via Positive Psychology News Daily by Yashi Shrivastava

What comes to mind when you hear the word “relationship?”

For most people, this word brings up images of couples, families, or friends interacting with each other. That makes sense, considering relationships with other people are a big, and extremely important part of our lives and our well-being. However, I believe that there is one relationship that is quite important for our well-being but doesn’t get as much attention: our relationships with ourselves.

You Can’t Get Away from Yourself

Think about this for a moment: would you say you treat yourself with the same love, kindness, and respect as you treat a close friend or a loved one in your life? According to researcher Kristin Neff, most people tend to be much harder on themselves than they are on others.

The challenge we often run into is this: while it is easier to select the kind of people we want to spend time with and avoid the ones we don’t, we are bound to ourselves. So, while you may choose to spend time with a friend who is kind and fun and avoid the one who can’t stop complaining about everything that’s wrong with her life, you can’t get out of spending time with yourself. Now, even though you may temporarily escape yourself by binge-watching Netflix or drowning yourself in alcohol or something else, deep down, you know that that’s not the best way to live. It might serve you better to learn how to be a better friend to yourself, to become someone you don’t need to escape from.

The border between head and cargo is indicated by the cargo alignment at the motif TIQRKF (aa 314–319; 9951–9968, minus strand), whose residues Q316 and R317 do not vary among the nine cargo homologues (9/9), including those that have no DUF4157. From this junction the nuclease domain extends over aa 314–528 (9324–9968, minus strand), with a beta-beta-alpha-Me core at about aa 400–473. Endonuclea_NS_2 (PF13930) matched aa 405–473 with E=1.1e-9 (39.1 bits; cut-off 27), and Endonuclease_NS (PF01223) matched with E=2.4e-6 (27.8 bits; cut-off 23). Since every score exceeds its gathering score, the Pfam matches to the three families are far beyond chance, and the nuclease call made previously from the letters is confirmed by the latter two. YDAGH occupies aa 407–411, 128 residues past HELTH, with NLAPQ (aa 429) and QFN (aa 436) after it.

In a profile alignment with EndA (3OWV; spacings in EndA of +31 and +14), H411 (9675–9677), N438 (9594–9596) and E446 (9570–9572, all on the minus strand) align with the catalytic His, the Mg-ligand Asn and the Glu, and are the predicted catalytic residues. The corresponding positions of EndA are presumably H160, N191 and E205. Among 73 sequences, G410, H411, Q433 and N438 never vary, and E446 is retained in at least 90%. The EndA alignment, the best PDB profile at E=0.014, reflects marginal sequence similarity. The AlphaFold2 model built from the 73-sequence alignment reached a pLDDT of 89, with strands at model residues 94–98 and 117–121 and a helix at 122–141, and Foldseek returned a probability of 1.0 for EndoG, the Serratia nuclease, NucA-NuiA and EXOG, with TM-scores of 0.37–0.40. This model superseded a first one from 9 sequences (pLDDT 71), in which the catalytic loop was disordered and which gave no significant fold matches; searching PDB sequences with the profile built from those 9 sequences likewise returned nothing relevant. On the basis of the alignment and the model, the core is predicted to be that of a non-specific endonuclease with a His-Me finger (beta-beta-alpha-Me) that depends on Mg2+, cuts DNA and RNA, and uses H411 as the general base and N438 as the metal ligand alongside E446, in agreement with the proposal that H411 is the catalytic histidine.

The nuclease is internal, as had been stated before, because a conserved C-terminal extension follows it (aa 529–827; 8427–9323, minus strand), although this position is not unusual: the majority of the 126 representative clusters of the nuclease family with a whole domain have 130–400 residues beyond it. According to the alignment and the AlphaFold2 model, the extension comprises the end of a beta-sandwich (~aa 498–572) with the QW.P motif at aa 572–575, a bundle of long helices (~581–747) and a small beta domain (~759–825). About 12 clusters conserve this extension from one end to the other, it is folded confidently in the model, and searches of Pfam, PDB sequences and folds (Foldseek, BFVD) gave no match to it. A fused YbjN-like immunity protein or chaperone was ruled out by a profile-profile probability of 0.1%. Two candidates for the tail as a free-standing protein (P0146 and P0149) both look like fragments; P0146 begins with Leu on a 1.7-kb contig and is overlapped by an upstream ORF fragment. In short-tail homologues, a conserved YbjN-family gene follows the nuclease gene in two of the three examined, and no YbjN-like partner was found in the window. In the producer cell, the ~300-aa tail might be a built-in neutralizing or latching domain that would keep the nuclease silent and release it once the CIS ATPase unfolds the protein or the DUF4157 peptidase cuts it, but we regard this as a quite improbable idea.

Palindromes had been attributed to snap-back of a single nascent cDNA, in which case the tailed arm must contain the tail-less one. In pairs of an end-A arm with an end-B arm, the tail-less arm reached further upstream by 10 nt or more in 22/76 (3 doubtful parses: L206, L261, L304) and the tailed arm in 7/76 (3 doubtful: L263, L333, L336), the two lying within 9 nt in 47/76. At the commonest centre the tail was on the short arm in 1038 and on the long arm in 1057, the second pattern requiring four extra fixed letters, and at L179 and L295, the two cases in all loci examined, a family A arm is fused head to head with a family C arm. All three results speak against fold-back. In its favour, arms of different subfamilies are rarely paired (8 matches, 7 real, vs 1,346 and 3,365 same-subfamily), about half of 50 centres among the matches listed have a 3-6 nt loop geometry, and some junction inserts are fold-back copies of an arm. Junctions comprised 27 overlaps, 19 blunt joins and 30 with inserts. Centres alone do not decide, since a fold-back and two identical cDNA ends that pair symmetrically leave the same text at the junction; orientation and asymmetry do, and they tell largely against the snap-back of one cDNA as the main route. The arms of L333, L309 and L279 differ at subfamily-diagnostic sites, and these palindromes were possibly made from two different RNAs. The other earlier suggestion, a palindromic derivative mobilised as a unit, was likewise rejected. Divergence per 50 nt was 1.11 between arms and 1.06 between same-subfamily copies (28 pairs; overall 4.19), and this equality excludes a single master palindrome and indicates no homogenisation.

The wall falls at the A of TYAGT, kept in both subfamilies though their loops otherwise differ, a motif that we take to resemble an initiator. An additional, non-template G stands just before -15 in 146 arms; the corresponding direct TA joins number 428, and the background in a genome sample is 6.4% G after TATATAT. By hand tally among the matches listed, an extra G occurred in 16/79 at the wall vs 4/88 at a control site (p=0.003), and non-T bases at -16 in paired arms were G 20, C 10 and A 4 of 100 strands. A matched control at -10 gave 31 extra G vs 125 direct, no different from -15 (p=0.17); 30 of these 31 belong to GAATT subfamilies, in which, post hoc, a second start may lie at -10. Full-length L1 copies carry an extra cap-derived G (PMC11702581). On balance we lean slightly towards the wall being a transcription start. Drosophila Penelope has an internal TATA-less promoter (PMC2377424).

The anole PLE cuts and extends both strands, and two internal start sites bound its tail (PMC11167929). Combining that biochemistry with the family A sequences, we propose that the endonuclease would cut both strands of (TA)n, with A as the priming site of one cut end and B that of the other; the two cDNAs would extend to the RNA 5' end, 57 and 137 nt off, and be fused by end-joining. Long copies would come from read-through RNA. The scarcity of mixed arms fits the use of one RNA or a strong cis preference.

How to Be a Better Friend to Yourself

How might you do that? While there are numerous ways to develop a healthier relationship with yourself, one simple way is to follow what Dr. John Gottman refers to as a magic ratio that makes love last. In his extensive research on romantic relationships, Dr. Gottman has found that a 5:1 ratio between positive and negative interactions between couples is a strong predictor of whether the couple will stay together. In other words, couples end up staying together if, on an ongoing basis, for each argument or negative interaction they have with each other, they have at least 5 pleasant or positive interactions.

Now reflect on this for your own relationship with yourself. What is the ratio of positive to negative interactions you have with yourself?

If the ratio is low, consider this. You cannot divorce yourself, so that’s like being stuck in an unhappy marriage for the rest of your life. To make matters worse, unlike in a marriage, in this case, you have no one to blame but yourself! 

… keep reading the full & original article HERE

#happiness #happy #happier #selfcompassion #relationships